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water level sensor

Discussion in 'Electronic Design' started by nick4cpp, Jan 19, 2008.

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  1. nick4cpp

    nick4cpp Guest

    I'm an electronic engineer but I have always worked ad a software
    engineer. So I know the theory but I have no experience on electrical
    circuit design.
    I need help designing a simple circuit for a water level sensing
    system. I have found different sensors that act as a current
    I need to know where I can find information on the best way to read
    the output. I was thinking about using an opam.
    A simple circuit with a resistor between the negative input and the
    output and the Vcc applied at the positive input.
    In this case the tension will go from Vcc to somthing less than Vcc.

    It looks enough for me but just in theory. Do you know where I can
    find info on how to implement it in a real application?

  2. linnix

    linnix Guest

    Do you mean the sensor output to the positive input?
    Can you post a link to the sensor datasheet?
  3. Bob Eld

    Bob Eld Guest

    What do you mean " I have found different sensors that act as a current
    generator"? Are these commercial sensors and if so what are the

    Or, are you proposing to sense the resistance of the water by making contact
    with it. This does work but you have to be careful in selecting the
    electrodes that they are not subject to corrosion or that any corrosion or
    ion exchange does not contaminate the water or alter the sensing.
    Furthermore water's conductivity varys greatly depending on the impurities
    in it. Pure water is a "good" insulator.

    I designed a water sensor that works on capacitance change. Water has a high
    dielectric constant, about 80 and therfore its presence is easily detected
    when made the dielectric of a capacitor in an electronic circuit.

    In my device there is no contact with the water. The sensor is a few sq cm
    of copper foil inside of a thin sealed PVC pipe. When water is present on
    the outside of the pipe, the capacitance of the foil is greater than when
    water is not present because the dielectric constant to ground is much
    greater wet than not wet.

    The detector also sealed in the pipe is a CMOS circuit consisting of an
    astable multivibrator (oscillator) and a monostable multivibrator (one
    shot). The one shot is triggered on each positive edge of the oscillator.
    The time out period of the one shot is determinned by the sensor capacitor
    (foil) connected to it.

    The oscillator also triggers a D flip-flop on each cycle. The output of the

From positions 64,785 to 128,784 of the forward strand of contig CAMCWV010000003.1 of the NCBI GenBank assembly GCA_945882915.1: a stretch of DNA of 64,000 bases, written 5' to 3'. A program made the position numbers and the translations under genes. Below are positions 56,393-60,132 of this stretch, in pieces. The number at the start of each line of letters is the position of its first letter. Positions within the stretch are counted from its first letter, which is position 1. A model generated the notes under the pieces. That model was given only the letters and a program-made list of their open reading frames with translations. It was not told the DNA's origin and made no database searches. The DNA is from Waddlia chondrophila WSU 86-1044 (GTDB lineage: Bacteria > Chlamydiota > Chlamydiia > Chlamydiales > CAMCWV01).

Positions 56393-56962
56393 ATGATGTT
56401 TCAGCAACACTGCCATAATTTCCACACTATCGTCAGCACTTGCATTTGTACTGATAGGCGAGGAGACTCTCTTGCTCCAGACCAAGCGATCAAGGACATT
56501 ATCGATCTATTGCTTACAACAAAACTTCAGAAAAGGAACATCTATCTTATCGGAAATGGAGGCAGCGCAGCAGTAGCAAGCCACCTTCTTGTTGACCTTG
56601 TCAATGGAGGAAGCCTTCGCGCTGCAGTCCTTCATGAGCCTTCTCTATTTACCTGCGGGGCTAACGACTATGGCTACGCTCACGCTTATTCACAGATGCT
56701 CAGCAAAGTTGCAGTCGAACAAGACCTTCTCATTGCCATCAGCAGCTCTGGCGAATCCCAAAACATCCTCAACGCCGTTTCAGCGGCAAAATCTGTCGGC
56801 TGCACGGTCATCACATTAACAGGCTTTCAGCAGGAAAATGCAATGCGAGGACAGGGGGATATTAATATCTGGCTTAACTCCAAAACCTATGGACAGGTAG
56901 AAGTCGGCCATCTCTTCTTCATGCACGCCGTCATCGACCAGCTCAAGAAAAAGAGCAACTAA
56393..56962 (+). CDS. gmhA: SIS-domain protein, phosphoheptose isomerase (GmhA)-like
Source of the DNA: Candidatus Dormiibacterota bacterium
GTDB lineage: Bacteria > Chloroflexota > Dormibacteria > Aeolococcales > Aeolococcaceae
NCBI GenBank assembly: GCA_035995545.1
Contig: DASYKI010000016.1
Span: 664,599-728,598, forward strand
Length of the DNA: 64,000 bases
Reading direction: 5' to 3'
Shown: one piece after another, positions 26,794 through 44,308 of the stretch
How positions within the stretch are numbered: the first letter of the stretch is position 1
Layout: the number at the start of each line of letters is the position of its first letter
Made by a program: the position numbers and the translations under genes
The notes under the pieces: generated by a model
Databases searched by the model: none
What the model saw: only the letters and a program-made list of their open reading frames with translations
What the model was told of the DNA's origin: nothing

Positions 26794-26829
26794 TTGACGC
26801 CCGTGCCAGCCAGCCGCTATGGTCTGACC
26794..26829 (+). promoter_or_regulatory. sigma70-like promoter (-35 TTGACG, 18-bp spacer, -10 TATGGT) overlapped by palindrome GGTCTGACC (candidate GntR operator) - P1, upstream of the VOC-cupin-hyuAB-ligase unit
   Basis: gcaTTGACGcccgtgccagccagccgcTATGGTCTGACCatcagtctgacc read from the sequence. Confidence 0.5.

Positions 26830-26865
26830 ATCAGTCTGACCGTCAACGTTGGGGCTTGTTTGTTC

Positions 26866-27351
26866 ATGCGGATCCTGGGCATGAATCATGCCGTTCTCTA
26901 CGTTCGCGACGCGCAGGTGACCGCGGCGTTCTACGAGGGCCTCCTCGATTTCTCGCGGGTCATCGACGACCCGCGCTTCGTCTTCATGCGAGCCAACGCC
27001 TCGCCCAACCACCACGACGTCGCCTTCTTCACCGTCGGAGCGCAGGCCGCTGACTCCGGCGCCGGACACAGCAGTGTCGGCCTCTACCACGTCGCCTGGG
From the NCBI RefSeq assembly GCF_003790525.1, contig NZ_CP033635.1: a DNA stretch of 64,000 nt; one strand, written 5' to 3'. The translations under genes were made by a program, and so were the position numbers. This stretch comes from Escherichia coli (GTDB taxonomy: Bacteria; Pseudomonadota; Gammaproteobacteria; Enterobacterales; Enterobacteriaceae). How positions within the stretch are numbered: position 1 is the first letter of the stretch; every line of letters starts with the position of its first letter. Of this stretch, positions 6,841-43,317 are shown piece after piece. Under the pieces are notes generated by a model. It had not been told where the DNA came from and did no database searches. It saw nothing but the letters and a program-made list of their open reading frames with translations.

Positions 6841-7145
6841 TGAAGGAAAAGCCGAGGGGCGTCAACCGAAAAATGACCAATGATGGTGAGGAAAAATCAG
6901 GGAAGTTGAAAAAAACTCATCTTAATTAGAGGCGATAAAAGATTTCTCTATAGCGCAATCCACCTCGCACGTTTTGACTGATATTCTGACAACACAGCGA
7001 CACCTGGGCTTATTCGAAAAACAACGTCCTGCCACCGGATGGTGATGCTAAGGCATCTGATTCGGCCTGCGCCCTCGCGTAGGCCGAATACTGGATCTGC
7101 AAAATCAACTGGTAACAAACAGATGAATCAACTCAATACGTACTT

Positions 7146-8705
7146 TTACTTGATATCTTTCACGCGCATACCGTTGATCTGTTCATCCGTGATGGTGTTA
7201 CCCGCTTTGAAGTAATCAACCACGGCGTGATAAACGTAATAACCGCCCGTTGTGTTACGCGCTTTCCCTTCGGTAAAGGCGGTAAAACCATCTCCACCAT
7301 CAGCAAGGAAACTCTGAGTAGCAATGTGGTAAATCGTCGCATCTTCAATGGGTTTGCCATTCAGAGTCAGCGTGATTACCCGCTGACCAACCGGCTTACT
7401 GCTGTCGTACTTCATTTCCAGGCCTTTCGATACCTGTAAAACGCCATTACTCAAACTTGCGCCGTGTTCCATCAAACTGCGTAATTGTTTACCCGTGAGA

one shot is connected to the D input of the flip-flop.

    If the period of the one shot is long enough so that it is high when the
    flip-flop triggers, the output of the flip-flop will be and will remain
    high. This is the high capacitance, water detected state.

    If the period is short, the D input is low when triggerd and the flip-flop
    output stays low. This is the low capacitance water absent state.

    The internal circuit works on 5 volts at about one MHz, but is conntected in
    a two wire 20mA current loop for detection of water in a tank a couple of
    hundred feet away from the pump circuitry that uses the information.

    Please e-mail me at montassocatyahoocom if you have other questions.
  4. Sprague chips to do this have existed for decades and cost pennies.

    Many thanks,

    Don Lancaster voice phone: (928)428-4073
    Synergetics 3860 West First Street Box 809 Thatcher, AZ 85552
    rss: email:

    Please visit my GURU's LAIR web site at
  5. Unfortunately, Sprague Technologies has not existed for decades.

    What's left of it is called Allegro and owned by Sanken of Japan, so
    maybe they'd prefer yen over pennies. Anyway, from a quick look I
    don't see anything much along those lines.

    Best regards,
    Spehro Pefhany
  6. Robbo

    Robbo Guest

    There used to be the National Semi LM1830, AC sense signal etc all in a
    DIP14. AFAIK this is long gone.
  7. Yes, that hoary bipolar chip was specifically designed for this kind
    of application. It doesn't even show up on their website search
    engine-- but Google finds it in their obsolescence list with last-time
    buy date of 12/08/98. Personally, I'd consider using a
    microcontroller. ;-) Most practical solution in a lot of situations
    is probably a reed (or Hall) switch activated by a magnet float. Made
    by the millions for dishwashers and the like.

    Best regards,
    Spehro Pefhany
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